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New museum aims to get visitors thinking about the Bible

The new $500 million Museum of the Bible is filled with thousands of texts and artifacts, immersive exhibitions of bible stories, even an amusement park-like area for children. According to those behind the new private institution, the focus is not on proselytizing or presenting religious doctrine, but to raise public awareness of the centrality of bible in history and culture. Jeffrey Brown takes a look.

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  • Hari Sreenivasan:

    A new private museum opens today in Washington, D.C., not far from the public Smithsonian institution. The massive Museum of the Bible is devoted to an enduring subject of debate.

    And the museum has found itself at times the subject of scrutiny prior to the opening.

    Jeffrey Brown has the story.

  • Jeffrey Brown:

    It’s a museum dedicated to a book, but not just any book. The new $500 million Museum of the Bible in Washington, D.C., is grand in scale, filled with some 3,000 biblical texts and artifacts, immersive walk-through exhibitions of biblical stories, a variety of hands-on and other displays.

    There’s an exhibition called Washington Revelations that simulates a ride taking visitors to government sites bearing biblical scripture. The elevators envelope the visitors in heavenly scenes, and the restaurant here is called Manna.

    A lot to take in, but according to people involved, a simple and clear focus – not to proselytize or present religious doctrine, but to raise public awareness of the centrality of the Bible.

  • Steve Green:

    Here’s a book that had an impact on our world, foundational to our government, so the question is, why has there not been a museum to the Bible? We just think that people ought to know it better.

  • Jeffrey Brown:

     The museum was the vision of Steve Green, who serves as its chairman. He’s also the billionaire owner and president of Hobby Lobby, the arts and crafts retailer that successfully challenged on religious grounds the government mandate for businesses to provide contraception services to employees under Obamacare.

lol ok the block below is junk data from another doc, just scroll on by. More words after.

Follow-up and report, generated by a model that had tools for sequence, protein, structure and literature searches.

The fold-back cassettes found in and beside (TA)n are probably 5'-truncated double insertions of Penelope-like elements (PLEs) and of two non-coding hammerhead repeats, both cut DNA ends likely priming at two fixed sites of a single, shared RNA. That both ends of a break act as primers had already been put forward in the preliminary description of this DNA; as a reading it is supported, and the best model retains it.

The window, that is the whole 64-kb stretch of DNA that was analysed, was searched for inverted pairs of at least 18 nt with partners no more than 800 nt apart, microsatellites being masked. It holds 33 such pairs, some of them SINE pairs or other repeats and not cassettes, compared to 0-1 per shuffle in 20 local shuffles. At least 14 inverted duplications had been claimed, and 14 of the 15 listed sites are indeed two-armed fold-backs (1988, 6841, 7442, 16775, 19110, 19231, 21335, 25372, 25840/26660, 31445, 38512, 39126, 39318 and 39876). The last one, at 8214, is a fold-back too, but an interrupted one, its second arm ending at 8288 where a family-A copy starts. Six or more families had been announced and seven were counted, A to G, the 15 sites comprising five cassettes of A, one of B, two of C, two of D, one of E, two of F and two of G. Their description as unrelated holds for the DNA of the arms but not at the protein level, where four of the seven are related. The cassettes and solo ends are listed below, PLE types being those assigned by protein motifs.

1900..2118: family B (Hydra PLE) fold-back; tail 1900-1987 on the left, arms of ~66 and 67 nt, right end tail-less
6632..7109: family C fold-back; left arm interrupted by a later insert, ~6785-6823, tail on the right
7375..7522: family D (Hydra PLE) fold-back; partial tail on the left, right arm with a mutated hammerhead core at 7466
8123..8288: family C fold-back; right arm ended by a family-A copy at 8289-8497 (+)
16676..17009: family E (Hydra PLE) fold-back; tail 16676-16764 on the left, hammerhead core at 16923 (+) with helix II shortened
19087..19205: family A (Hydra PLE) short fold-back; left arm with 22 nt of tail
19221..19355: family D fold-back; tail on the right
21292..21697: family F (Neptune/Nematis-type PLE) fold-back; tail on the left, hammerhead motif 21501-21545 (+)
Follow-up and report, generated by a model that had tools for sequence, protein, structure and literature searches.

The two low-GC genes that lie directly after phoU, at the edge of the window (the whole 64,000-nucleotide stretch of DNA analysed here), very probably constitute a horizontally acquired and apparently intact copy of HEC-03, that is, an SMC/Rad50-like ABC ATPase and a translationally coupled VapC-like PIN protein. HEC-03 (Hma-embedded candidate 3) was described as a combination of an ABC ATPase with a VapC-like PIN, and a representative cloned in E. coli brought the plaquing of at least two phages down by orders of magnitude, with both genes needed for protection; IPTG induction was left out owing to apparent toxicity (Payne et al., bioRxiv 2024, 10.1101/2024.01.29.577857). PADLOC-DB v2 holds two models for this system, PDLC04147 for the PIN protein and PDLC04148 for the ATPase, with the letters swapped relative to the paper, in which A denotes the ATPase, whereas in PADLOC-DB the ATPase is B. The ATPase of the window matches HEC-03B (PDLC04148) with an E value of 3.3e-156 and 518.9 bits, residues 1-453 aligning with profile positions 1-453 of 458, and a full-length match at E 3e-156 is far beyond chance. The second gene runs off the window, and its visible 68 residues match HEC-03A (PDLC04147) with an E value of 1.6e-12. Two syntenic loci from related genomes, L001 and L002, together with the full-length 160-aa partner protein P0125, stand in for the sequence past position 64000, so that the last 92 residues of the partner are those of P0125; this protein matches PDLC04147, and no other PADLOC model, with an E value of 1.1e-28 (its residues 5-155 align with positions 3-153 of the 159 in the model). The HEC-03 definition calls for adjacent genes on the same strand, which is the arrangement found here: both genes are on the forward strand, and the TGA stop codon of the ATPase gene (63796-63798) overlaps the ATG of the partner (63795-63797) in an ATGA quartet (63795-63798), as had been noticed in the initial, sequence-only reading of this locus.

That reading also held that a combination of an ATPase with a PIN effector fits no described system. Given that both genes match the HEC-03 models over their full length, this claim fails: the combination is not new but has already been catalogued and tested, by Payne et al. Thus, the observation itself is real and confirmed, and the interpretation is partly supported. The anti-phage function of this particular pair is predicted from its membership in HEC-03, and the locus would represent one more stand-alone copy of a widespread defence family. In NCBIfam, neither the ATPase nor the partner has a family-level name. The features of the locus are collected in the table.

His involvement, and that of other prominent evangelicals, raised questions and concerns about the museum’s mission, especially set, as it is, just several blocks from the Capitol.

    To place a Museum of the Bible here, is that not a political statement in any way?

  • Steve Green:

    It’s not intended to be, but it also doesn’t mean that we wouldn’t be interested in our congressmen coming and congresswomen to come here and learn more about the Bible.

    So, while that wasn’t the primary purpose — the primary purpose was, where would this museum be most attended? The idea was always to have a nonsectarian museum, which means that it’s not about a faith tradition, a church, or denomination. It’s simply about a book.

  • Jeffrey Brown:

    One floor tracks how the Bible was transmitted through time and translations into many languages.

    Videos feature actors as leading historical figures, such as Martin Luther, and a young guide taking viewers around the globe.

    Another floor presents stories of the Bible, and includes a recreation of Nazareth with scenes of everyday life and a vista of the Sea of Galilee Jesus might have taken in.

    A third floor is dedicated to the impact of the Bible, with an emphasis on American history, leading political and other figures, the Bible cited by both slaveholders and abolitionists, its power in the civil rights movement, even its presence in popular culture, including hip-hop recordings and fashion.

    But perhaps just as interesting as what’s here is what you don’t see.

  • Gordon Campbell:

    We don’t talk about the Bible being holy, or we don’t talk about it being inspired.

  • Jeffrey Brown:

    Gordon Campbell of the University of Leicester is an adviser to the museum.

  • Gordon Campbell:

    We tell the stories that are in the Bible, but they have no theological spin. So, Christians, for example, believe that the Garden of Eden is a story of original sin, but one of our Jewish advisers said, the Garden of Eden was hardly perfect. It had a snake in it.

    So, we say nothing about original sin. We don’t read it theologically. What people will be seeing is a correct, but neutral view.

  • Jeffrey Brown:

    I think a lot of people would question, I mean, is it even possible to present the Bible neutrally?

  • Gordon Campbell:

    Ah, we have just done it.

  • Jeffrey Brown:

    Also notable, the museum studiously avoids hot-button political issues such as abortion.

    Seth Pollinger, director of museum content, says the intent is to get the Bible — quote — “in the middle of the conversation.” He cited the nearby science pavilion.

  • Seth Pollinger:

    We really haven’t gotten into the issue of evolution, partly because, as a museum, we’re not looking to take a position on, you now, how was the world created.

  • Jeffrey Brown:

    You’re not?